Spotify competitor Deezer sets sights on U.S.
The company says that it would consider coming to the U.S., if it could find a partner that helps it gain access to subscribers.
Deezer, a Spotify competitor operating internationally, has set its sights on the U.S.
Speaking to the Wall Street Journal in an interview published today, Deezer CEO Axel Dauchez said that his company is "looking for a partner in the U.S." that would allow it to gain access to a "significant volume of subscribers."
It's not clear what Dauchez is looking for in a partner in the U.S.
Deezer's service is available in 160 countries. The company offers two free hours of ad-supported music streaming, but also has monthly plans ranging in price from $9 to $12 a month for those who want to stream music to their mobile devices.
Deezer ostensibly believes that it can succeed where Spotify has faced significant trouble. Although Spotify came to the U.S. as a paid service for users who wanted tracks on different devices, it has quickly changed its tune and isby delivering a free mobile radio service. Spotify, however, still relies mainly on monthly payment plans to monetize its operation.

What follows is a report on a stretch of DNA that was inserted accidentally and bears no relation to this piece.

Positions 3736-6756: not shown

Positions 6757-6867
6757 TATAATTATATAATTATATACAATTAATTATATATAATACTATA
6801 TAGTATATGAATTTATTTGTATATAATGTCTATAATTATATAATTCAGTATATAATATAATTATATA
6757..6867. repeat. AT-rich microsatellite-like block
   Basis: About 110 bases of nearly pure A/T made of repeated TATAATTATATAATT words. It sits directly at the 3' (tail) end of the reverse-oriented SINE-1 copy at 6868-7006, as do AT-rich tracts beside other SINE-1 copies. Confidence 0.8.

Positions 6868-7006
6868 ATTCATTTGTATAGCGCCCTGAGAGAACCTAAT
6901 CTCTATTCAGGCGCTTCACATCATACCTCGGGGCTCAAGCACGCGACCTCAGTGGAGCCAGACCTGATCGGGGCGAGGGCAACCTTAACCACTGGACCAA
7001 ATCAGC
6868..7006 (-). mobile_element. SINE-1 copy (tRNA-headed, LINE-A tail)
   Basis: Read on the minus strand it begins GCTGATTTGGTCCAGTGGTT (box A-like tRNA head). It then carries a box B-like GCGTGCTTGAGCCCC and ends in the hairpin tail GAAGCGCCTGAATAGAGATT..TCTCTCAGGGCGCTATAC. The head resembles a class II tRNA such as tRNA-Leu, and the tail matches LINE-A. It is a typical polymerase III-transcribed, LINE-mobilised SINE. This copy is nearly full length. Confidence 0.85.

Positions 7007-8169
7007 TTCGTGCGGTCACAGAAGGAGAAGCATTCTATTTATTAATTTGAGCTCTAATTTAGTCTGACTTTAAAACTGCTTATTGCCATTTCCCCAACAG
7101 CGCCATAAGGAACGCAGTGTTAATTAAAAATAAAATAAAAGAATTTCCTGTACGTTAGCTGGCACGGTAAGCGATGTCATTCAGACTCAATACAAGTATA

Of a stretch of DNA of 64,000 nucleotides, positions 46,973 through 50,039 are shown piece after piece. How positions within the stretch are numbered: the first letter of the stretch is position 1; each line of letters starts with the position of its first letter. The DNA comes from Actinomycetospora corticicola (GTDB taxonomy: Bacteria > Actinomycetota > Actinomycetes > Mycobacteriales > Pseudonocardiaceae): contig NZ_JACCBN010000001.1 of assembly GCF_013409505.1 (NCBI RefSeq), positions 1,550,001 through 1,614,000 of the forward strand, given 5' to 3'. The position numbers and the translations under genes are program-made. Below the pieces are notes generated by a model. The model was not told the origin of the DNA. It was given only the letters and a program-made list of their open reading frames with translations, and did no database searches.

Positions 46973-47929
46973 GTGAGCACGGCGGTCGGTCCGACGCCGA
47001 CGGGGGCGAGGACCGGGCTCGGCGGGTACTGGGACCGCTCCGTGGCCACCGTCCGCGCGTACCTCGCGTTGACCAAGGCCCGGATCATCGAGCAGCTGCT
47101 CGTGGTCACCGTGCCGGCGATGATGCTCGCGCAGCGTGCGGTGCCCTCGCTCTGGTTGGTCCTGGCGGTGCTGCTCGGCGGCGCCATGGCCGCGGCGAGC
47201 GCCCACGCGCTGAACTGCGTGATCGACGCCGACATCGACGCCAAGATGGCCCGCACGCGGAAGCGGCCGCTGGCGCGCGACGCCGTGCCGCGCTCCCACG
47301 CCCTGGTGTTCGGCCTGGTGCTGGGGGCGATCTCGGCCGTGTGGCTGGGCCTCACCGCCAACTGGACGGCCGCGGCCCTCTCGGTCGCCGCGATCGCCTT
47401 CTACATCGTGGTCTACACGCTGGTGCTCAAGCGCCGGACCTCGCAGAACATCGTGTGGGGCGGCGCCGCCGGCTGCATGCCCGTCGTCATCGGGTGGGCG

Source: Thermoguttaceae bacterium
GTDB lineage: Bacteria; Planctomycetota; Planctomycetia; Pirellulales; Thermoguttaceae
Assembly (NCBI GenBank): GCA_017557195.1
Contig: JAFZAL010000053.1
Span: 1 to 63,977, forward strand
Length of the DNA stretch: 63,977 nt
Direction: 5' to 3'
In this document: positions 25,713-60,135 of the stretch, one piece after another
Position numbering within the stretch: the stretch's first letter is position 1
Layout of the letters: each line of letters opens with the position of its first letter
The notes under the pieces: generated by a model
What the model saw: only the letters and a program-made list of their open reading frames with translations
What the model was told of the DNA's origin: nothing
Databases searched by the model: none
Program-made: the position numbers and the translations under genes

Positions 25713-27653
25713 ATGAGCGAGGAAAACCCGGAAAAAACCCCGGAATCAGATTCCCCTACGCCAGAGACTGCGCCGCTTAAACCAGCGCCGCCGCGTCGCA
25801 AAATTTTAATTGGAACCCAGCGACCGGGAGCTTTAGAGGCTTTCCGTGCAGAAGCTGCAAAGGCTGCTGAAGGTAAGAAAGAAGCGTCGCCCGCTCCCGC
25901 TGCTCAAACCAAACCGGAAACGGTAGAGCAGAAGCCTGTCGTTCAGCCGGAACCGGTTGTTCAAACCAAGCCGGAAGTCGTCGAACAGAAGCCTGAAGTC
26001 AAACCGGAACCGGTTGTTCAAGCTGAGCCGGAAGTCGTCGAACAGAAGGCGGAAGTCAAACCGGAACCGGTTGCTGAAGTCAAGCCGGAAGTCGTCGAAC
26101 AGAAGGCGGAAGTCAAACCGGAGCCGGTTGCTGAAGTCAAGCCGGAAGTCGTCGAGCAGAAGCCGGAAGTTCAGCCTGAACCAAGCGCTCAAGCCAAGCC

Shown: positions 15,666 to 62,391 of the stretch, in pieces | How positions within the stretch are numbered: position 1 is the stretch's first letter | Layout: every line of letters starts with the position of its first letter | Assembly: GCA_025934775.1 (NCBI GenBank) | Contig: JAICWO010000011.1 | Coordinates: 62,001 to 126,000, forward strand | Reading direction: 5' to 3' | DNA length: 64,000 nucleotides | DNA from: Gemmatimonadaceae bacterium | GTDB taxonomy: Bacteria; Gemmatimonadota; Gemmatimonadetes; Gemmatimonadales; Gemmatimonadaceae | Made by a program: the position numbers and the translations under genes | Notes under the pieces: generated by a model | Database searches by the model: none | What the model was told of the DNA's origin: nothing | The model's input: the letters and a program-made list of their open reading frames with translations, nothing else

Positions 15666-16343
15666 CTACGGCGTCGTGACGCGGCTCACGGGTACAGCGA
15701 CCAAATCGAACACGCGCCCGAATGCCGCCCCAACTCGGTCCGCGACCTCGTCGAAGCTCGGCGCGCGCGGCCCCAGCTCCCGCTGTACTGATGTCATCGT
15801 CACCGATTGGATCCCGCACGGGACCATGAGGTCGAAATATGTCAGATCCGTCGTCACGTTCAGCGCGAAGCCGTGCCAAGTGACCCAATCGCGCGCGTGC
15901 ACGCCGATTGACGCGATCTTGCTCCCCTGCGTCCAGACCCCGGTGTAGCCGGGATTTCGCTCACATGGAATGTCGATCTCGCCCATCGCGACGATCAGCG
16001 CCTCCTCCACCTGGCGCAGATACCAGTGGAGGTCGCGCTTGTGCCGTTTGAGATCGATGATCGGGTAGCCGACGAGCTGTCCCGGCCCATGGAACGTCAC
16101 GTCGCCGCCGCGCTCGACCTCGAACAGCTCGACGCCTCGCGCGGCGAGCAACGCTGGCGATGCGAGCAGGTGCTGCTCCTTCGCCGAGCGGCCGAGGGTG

Earlier this year, Spotify financials revealed sobering performance. The company generated over $244 million in revenue in 2011, but. PrivCo, a company that sells data on non-publicly traded data, said that based on the company's financials, its business model is "unsustainable."
It's not clear how Deezer is faring, but the company is slightly smaller than Spotify. Earlier this month, Spotify announced that it had 5 million paying subscribers, includingAccording to the Journal, Deezer has 3 million paying subscribers.